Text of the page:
The Amazon FC in Bessemer, AL
Update, Sept. 24: California Gov. Gavin Newsome on Thursday signed a bill that targets labor practices in ecommerce warehouses, including banning the enforcement of performance quotas that impinge on basic worker’s rights like restroom and lunch breaks.
The initiative is widely viewed as targeting Amazon, which has a major presence in the state, and opposed by the California Retailers Association, of which Amazon is a member.
Update, Sept. 9: the California state senate voted in favor of the bill, called the Warehouse Workers Protection Act, in a 26-11 vote on Sept. 8. It now goes to the full assembly for an expected affirmative vote, then to the desk of embattled Gov. Gavin Newsome, who has not indicated support but will likely sign.
A California bill that passed its assembly in May and is pending before the state senate targets Amazon’s algorithm-driven labor practices at its fulfillment centers – without naming Amazon specifically.
The bill, called AB 701, would require companies to provide new warehouse hires with a description of all work quotas, and the consequences of failing to meet them. A second, related part of the measure would prevent companies from requiring workers to meet quotas that would keep them from taking meal and restroom breaks, or would violate OSHA standards.
While Amazon isn’t named, it’s generally understood that the bill’s intent is to go after the ecommerce giant, its labor practices and working conditions at its hundreds of fulfillment locations, which have come under increased scrutiny.
“Amazon has set the pace, creating a market for next-day delivery of consumer goods,” Lorena Gonzalez, a Democratic assembly member from San Diego and the bill’s author, told the Los Angeles Times. “We see Walmart and other large warehouses following suit. We need to make sure our laws catch up with that.”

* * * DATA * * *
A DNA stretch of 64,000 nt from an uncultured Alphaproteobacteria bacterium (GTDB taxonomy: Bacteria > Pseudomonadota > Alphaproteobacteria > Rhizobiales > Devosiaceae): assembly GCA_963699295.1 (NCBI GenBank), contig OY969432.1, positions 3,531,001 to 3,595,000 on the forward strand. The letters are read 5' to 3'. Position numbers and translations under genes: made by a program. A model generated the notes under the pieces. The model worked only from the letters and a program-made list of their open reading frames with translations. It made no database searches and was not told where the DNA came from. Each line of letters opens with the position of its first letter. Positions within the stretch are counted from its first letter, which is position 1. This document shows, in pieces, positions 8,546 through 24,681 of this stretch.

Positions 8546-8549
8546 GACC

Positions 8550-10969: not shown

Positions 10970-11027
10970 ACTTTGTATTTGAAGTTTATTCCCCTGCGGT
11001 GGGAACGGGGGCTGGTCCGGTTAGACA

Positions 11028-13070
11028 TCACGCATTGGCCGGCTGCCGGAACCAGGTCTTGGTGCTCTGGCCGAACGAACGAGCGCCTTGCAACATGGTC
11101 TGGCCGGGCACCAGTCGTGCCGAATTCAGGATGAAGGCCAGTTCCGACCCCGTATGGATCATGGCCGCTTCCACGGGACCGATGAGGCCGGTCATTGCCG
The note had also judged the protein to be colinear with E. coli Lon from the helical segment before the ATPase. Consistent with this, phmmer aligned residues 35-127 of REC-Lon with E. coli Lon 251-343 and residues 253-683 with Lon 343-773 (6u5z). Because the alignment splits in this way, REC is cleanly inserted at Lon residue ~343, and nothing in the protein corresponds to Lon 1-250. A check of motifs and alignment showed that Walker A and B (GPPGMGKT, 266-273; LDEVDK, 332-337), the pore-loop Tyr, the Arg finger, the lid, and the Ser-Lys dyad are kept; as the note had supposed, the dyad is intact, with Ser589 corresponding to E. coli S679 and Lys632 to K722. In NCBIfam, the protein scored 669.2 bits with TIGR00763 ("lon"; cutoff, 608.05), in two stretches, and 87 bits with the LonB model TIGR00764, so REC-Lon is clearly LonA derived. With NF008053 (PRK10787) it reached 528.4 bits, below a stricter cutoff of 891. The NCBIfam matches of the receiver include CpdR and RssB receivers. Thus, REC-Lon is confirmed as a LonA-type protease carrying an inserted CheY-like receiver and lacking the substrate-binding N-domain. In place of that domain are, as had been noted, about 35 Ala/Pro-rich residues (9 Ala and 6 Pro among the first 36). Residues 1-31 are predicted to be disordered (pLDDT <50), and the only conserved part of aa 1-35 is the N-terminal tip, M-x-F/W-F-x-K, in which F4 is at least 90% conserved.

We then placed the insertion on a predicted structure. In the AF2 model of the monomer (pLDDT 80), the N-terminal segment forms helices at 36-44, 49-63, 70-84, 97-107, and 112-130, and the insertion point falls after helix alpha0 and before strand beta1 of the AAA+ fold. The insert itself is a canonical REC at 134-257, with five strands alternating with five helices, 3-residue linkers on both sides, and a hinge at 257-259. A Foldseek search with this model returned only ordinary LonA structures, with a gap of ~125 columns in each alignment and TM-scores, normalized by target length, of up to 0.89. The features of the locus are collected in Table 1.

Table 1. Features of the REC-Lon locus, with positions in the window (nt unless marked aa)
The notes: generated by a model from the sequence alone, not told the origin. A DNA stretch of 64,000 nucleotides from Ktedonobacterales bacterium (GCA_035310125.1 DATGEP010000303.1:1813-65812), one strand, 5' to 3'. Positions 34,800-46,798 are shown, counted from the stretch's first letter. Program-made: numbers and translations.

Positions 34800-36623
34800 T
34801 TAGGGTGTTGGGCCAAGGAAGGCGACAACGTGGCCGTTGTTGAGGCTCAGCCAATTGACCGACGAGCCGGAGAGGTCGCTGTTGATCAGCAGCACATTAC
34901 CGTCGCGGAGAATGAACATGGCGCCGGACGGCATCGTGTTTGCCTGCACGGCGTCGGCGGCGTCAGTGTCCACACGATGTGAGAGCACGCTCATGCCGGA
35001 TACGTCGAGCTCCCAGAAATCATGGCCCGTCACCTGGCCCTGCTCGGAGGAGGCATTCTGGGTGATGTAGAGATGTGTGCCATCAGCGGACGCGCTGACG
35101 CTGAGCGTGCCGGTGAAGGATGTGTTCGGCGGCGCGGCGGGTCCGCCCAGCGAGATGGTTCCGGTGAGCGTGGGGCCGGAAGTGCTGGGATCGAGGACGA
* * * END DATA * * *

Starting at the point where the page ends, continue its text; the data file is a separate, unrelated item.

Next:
Opposition from business groups to the bill has been intense, especially considering the wide net it will cast over the state’s economy and the inevitable costly litigation it will spawn. California, as the entryway for the vast majority of imported goods sold in this country, has a massive concentration of logistics, supply chain, transportation and distribution facilities.
“They’re going after one company, but at the same time they’re pulling everyone else in the supply chain under this umbrella,” Rachel Michelin, president of the California Retailers Association, told the Times; Amazon has a seat on the group’s board.
Amazon has even more workforce trouble on its hands in the runup to peak season. The National Labor Relations Board is expected to order a new union election at an Amazon fulfillment center in Bessemer, AL, where an April vote went overwhelmingly in Amazon’s favor. The vote was immediately challenged by the union, which claimed Amazon improperly interfered with the election. This was primarily related to installation of a special U.S. Postal Service mailing station on the premises for union ballots, at the company’s request.
Also, the Teamsters union is putting its considerable heft and resources behind a highly organized national campaign to organize Amazon’s hundreds of thousands of fulfillment workers.